Monday, March 14, 2016

Day 120: desmos graph pi day & quadratic formula

Students estimated the amount of green marshmallows in a pint class. They referred to rows and array ideas to multiply for their estimates. I like that some noted the wider opening at the top. 

I handed back the trimester 2 final and would like a parent or guardian signature on it and back by Friday. After hearing 1 estimation reasoning I reviewed the answers grading scale and how the 36 points were allocated to which problems. 

Some kids asked why we weren't eating pie in class like Mrs. Demailly's class and I basically said I don't believe in eating in class. I asked students to brainstorm everything they knew about circles and pi. I also asked them to write down any questions they had for 3 minutes.

I told students that we hadn't discussed circles as it was a 7th grade standard, but I wanted to do a pi day crash course and assume they didn't learn it last year or remember it. That's why the brainstorm was so important, to make all background knowledge public.

I asked students to trace a circle from a variety of lids and measure the diameter and circumference and tell me their data in that order. I reminded students if they used centimeters, they needed centimeters for both measurements. Same with inches. I noted students may have trouble measuring around the circle so each table had 2 strings for use.

I originally wanted data submitted via cell phone on Google forms but when I shared the form link it was editable by students which caused haywire. I just got the data manually from 10 pairs of students the rest of the periods.

I copy and pasted their data from the spreadsheet into a Desmos graph. I asked students what they noticed. They said it was a positive association. Some said it was linear. They said it looked like a scatterplot. I said that because it was linear we could make a line of best fit by typing y1~mx1. I asked them what they noticed and they said that it was a proportional relationship because it went through the origin. I asked them what else we could say and they noticed the m or growth factor or slope of the line was 3.04 (in the first class it was 3.4... eeek!). Students said it should be 3.14. They said there must have been human error.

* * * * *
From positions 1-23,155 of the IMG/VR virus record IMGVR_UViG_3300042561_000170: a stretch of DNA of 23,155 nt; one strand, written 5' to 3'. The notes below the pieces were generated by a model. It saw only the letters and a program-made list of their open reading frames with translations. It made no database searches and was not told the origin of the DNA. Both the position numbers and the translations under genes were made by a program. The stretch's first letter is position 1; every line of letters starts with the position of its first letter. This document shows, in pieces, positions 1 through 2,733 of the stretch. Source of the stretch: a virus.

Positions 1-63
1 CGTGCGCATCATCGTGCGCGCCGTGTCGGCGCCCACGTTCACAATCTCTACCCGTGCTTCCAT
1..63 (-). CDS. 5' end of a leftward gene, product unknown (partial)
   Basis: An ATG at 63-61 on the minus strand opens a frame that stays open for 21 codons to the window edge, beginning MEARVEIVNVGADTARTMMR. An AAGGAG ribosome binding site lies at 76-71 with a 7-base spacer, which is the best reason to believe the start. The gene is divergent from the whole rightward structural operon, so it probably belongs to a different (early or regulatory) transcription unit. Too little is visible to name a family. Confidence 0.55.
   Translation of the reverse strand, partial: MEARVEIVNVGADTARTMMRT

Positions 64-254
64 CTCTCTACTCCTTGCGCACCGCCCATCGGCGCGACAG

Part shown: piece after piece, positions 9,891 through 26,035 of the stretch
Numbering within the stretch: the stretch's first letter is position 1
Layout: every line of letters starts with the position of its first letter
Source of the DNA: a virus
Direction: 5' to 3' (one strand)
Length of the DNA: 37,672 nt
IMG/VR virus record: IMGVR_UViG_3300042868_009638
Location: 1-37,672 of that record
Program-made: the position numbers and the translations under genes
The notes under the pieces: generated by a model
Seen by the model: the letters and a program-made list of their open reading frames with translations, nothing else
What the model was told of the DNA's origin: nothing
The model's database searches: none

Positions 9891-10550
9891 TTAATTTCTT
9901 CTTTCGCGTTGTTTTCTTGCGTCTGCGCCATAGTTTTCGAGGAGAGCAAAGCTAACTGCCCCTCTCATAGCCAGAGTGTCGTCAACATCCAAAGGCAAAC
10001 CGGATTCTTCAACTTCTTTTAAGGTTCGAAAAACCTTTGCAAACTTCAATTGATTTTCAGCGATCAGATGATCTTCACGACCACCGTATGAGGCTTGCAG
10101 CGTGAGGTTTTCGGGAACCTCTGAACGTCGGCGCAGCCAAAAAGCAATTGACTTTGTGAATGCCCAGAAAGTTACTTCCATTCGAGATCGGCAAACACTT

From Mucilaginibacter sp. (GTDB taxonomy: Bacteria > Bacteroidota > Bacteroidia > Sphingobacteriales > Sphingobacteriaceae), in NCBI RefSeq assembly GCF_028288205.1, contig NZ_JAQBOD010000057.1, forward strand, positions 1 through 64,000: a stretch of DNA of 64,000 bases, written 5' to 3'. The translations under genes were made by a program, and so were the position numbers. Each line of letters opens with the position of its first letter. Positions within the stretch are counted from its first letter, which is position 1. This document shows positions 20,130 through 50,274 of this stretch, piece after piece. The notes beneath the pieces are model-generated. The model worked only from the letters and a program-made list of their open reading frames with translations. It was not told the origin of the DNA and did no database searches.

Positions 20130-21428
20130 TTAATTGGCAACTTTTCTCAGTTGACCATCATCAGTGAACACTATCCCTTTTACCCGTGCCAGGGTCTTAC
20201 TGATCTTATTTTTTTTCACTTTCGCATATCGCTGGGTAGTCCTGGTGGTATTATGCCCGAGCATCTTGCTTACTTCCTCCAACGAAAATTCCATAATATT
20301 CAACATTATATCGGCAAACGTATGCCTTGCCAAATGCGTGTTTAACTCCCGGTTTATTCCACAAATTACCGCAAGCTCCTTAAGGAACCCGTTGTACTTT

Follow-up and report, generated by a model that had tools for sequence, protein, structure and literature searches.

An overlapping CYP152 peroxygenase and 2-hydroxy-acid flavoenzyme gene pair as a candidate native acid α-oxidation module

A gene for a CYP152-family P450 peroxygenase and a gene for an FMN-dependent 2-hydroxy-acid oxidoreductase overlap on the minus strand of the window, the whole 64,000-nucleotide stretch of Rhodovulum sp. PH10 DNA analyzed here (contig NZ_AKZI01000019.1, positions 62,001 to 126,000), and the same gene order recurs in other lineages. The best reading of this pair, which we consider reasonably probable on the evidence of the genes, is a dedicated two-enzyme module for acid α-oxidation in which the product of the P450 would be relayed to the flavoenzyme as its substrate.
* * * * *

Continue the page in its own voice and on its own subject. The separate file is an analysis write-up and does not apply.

Then I went to the board and asked the most important equation we've learned all year: y = mx+b. I asked them what the b value was, they said 0. The m was 3.04. Then I asked them in our table and our graph, what does the x axis represent? They said diameter. So I subbed D for X, to get y=3.04D. Then I asked what the y axis represented. They said it represented circumference, so I substituted C into it, getting C=3.04D or C=3.14D or with the symbol C=pi*diameter.

I asked students how we could solve for pi, and some students knew to divide by the diameter on both sides. I mentioned that cultures from Arab, Greek, Indian and Asian all separately discovered this fact about circles, that any circles circumference divided by its diameter equals the same number every time: pi.

Then they traced and cut out a circle. They folded it into fourths and we derived the area formula. If you haven't done this, it's basically rearranging the pieces of a circle into a parallelogram, whose area is base times height. I asked students what the height was in relation to the circle, and 1 or 2 students could see it was the radius, so I subbed that in. I asked them what part of the circle was the base, and they said half of the circumference. After subbing this in, along with C's formula, 2 pi R, I asked students if it matters what order you multiply in and how we could simplify it. They told me the rest, getting pi r squared, the area formula for a circle.

A student asked me this question and I didn't know the answer. I'll share this tomorrow.
Circle brainstorm.
Proving the area of a circle
More brainstorm.
I should have shown this top left illustration, showing the growth triangle with pi labeled.
In accelerated I put students into new random seats. I passed back their finals and went over the answers. Then students worked on identifying a, b, and c values in a quadratic equation in standard form. Then they substituted the values in carefully to the quadratic formula and found the x intercepts or lack thereof of a quadratic. There were some great conversations, and Nicholas demonstrated his prior knowledge below:
I like the precision of showing the minus sign as -1(-3) when subbing b=-3 in for -b. We also discussed the radicals were the exact answer while the simplified rounded decimal was the approximation.
Here Moreen and Tiffany explained how the used the quadratic equation.
This made my day when a student from 6th period gave me this gift: a knitted pi symbol!
Here are the 2 problems that Nuri and Robert will present tomorrow.

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